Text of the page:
The end of the Netflix trial

Muslim Taseer discusses the end of the free Netflix trial, and what it might mean for audiences.

Muslim Taseer
14th November 2020
Earlier this month, Netflix confirmed the termination of its 30-day free trial promotional offer in the United States.

No doubt this marks the beginning of the end for the 30 day free trial as a marketing tactic in its entirety, at least in the steaming service arena. Netflix will soon cancel it around the world, and other streaming services will follow suit, as they will no longer have to offer it to stay competitive.

Netflix has grown exponentially, and the trial has helped it along the way.

The importance of the 30 day free trial in how rapidly Netflix grew this past decade can not be understated. Early on, Netflix was unfamiliar to most, and letting costumers try it before they bought it helped people realize just how much more convenient it was, kickstarting the word-of-mouth marketing that got Netflix where it is today. Netflix has grown exponentially, and the trial has helped it along the way.

Now, in times of global lockdown, it is fully entering it's prime. More than ever, people are staying home and streaming online video. The market is swelling and Netflix is standing strong, with Amazon Prime doing it's level best to catch up. Netflix has become a titan of the industry with its own productions and an almost iron-clad monopoly on online streaming. It's burst in and disrupted traditional cinema, much to the chagrin of everyone from the Academy to Directors.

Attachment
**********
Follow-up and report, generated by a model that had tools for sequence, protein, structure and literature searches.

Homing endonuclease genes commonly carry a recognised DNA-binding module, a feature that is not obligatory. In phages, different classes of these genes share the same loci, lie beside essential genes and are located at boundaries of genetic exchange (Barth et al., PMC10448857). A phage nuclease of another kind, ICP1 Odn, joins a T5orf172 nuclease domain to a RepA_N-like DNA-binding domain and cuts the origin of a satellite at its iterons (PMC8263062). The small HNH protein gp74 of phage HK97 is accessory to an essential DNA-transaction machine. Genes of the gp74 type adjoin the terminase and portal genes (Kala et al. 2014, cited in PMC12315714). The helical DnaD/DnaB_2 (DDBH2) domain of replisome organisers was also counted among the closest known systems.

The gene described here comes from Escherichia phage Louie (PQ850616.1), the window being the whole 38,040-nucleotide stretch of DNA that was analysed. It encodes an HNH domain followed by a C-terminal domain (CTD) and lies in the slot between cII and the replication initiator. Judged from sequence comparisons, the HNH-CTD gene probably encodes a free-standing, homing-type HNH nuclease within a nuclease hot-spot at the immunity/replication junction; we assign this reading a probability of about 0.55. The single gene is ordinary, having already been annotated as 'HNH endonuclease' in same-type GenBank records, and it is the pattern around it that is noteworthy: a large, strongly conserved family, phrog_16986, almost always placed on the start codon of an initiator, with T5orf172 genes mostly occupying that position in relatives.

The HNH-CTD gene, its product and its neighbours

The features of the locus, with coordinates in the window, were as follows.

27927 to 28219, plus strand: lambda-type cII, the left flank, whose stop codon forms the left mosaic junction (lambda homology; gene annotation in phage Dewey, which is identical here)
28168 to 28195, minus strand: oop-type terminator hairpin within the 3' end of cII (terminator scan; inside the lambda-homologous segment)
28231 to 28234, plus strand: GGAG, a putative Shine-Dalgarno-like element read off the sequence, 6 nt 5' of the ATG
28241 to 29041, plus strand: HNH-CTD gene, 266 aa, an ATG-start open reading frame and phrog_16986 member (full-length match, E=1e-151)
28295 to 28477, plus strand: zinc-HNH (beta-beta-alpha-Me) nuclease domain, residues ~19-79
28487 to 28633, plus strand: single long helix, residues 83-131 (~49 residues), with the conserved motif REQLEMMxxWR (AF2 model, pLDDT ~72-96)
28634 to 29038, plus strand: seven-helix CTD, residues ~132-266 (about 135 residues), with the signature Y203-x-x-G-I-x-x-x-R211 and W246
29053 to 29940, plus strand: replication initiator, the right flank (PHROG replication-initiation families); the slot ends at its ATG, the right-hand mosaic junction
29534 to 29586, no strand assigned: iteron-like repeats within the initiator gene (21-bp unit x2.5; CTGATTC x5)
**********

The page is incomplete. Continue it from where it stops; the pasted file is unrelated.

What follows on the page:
Even though some may downplay the importance of the free trial, it could be indicative of a shift in the company's demeanour.

For years, Netflix has 'tolerated' the free use of its product, but this move could indicate a shift. Who knows what lies ahead? Essentially, this closes off one of only two ways to get Netflix without paying for it. Gone are the days of setting up multiple burner emails to repeatedly get free Netflix trials every month. Now, you've got to either have someone like you enough to share their Netflix password with you. (Or you could steal it, but what fine publication would condone that?)

Could Netflix in the near future decide it doesn't like people sharing accounts, and locks accounts to devices? Even though some may downplay the importance of the free trial, it could be indicative of a shift in the company's demeanour. Maybe the introduction of new competitors such as Disney Plus has forced Netflix's hand?

Netflix has become home to many award-winning original films
Image: IMDB

Setting speculation aside, Netflix has apparently been experimenting with other forms of trial-based marketing, however, with a new website where you can watch a small selection of Netflix originals with no membership. It's better than nothing, but nevertheless remains a far cry from an appropriate replacement for a whole month's worth of free use of the entire service.

Netflix probably wasn't hurting from that missed revenue from the free product they were giving away, but it seems corporate greed leaves no penny unpinched. Gone are the days of free Netflix. I am certain they will be missed.

Featured Image: Netflix

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AUTHOR: Muslim Taseer
Comment Sub-Editor and Co-Founder of The Toon Lampoon. Writer of witty satire and other drivel about culture. Technically the Courier's only war-time correspondent. I also make music under the moniker "sickhoop"

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